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SECT. V.

All will be done in righteousness.

Christ will give to every man his due, according to a most righteous rule. Those who shall be condemned, will be most justly condemned; will be condemned to that punishment which they shall most justly deserve; and the justice of God in condemning them will be made most evident. Now the justice of God in punishing wicked men, and especially in the degree of their punishment, is often blasphemously called in question. But it will be made clear and apparent to all; their own consciences will tell them that the sentence is just, and all cavils will be put to silence.

So those that shall be justified, shall be most justly adjudged to eternal life. Although they also were great sinners, and deserved eternal death; yet it will not be against justice or the law, to justify them, they will be in Christ. But the acquitting of them will be but giving the reward merited by Christ’s righteousness, Rom. iii. 26. “That God may be just, and the justifier of him that believeth in Jesus.”

Christ will judge the world in righteousness, particularly as he will give to every one a due proportion either of reward or punishment, according to the various characters of those who shall be judged. The punishments shall be duly proportioned to the number and aggravations of the sins of the wicked; and the rewards of the righteous shall be duly proportioned to the number of their holy acts and affections, and also to the degree of virtue implied in them.?I would observe further,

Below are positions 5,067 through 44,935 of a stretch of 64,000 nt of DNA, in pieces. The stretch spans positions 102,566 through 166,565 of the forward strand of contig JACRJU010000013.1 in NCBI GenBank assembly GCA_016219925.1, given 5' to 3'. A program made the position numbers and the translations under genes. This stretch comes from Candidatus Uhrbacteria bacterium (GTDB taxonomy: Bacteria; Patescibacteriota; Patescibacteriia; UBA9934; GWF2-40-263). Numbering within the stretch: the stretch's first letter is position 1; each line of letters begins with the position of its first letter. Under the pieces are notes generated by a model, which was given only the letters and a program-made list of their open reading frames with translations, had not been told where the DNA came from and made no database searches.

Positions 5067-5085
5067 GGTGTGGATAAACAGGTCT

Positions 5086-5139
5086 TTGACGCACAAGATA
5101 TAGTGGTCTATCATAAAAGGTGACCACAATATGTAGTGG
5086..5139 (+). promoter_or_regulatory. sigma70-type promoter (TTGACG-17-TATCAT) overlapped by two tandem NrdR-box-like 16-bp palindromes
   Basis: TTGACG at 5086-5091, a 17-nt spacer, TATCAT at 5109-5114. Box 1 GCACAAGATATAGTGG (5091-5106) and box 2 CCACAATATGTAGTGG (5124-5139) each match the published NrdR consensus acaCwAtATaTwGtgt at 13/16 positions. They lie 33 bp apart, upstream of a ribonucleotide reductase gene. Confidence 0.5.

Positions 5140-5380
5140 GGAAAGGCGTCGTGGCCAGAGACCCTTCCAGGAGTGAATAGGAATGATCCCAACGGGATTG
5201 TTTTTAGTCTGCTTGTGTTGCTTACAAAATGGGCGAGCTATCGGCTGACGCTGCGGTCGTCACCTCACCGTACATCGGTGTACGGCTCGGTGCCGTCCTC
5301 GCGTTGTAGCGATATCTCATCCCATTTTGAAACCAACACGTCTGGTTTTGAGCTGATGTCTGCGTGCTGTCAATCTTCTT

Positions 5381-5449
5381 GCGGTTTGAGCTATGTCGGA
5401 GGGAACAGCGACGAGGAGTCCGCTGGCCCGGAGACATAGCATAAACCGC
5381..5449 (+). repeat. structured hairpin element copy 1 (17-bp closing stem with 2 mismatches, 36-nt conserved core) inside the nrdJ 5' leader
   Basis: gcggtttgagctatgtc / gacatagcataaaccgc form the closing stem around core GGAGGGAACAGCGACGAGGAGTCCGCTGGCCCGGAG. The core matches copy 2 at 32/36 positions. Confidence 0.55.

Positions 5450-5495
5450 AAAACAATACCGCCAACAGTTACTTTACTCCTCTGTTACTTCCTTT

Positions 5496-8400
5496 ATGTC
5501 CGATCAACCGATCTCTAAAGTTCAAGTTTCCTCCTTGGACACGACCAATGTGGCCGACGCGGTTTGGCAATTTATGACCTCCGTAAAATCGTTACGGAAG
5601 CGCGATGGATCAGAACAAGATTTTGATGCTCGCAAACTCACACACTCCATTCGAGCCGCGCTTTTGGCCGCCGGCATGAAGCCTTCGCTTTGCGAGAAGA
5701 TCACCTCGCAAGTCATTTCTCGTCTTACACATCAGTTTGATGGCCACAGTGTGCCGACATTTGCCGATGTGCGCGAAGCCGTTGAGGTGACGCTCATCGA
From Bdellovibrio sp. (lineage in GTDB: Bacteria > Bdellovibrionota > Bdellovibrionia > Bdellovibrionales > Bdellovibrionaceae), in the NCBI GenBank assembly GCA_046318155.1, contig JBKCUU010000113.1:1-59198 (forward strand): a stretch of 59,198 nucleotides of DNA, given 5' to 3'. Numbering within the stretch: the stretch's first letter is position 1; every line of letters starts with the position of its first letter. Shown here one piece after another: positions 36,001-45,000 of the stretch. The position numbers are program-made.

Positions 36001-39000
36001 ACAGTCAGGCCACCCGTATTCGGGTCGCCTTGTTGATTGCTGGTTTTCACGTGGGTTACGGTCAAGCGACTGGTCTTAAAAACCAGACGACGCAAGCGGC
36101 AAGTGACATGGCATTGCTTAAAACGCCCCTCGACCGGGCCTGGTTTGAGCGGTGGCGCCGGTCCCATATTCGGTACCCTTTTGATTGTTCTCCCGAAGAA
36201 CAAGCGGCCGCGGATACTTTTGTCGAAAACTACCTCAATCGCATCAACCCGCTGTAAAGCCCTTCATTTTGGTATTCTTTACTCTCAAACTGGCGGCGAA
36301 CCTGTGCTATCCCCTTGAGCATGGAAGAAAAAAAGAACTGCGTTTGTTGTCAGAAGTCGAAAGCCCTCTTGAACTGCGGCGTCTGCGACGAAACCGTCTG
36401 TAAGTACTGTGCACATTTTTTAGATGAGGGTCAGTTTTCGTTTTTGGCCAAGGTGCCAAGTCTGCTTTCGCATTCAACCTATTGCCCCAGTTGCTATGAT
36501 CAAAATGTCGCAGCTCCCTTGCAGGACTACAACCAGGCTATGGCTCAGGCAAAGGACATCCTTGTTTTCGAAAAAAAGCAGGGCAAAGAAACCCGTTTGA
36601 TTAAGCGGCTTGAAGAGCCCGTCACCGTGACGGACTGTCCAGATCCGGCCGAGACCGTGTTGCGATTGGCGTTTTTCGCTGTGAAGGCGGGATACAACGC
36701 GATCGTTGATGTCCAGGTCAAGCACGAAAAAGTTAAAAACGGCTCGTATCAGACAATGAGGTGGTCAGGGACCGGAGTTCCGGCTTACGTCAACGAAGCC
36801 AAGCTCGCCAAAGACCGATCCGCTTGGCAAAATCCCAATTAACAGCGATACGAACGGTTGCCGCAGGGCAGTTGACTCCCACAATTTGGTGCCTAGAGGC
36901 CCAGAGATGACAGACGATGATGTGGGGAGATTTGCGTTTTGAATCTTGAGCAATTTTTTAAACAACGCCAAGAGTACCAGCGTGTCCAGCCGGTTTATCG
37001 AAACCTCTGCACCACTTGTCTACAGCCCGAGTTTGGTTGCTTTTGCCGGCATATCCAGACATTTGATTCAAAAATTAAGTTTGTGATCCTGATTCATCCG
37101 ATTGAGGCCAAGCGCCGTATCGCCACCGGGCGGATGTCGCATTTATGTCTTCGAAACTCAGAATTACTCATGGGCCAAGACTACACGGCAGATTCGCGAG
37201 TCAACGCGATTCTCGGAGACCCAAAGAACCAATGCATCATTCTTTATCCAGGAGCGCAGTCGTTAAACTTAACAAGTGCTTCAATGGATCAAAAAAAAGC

1. That Christ cannot fail of being just in judging, through mistake. He cannot take some to be sincere and godly, who are not so, nor others to be hypocrites, who are really sincere. His eyes are as a flame of fire, and he searcheth the hearts and trieth the reins of the children of men. He can never err in determining what is justice in particular cases, as human judges often do. Nor can he be blinded by prejudices, as human judges are very liable to be. Deut. x. 17. “He regardeth not persons, nor taketh reward.” It is impossible he should be deceived by the excuse, and false colours, and pleas of the wicked, as human judges very commonly are. It is equally impossible that he should err, in assigning to every one his proper proportion of reward or punishment, according to his wickedness or good works. His knowledge being infinite, will effectually guard him against all these, and other such errors.

2. He cannot fail of judging righteously through an unrighteous disposition; for he is infinitely just and holy in his nature. Deut. xxxii. 4. “He is the rock, his work is perfect; for all his ways are judgment: a God of truth, and without iniquity, just and right is he.” It is not possible that an infinitely powerful, self-sufficient being should be under any temptation to injustice. Nor is it possible that an infinitely wise being, who knoweth all things, should not choose justice. For he who perfectly knows all things, perfectly knows how much more amiable justice is than injustice; and therefore must choose it.

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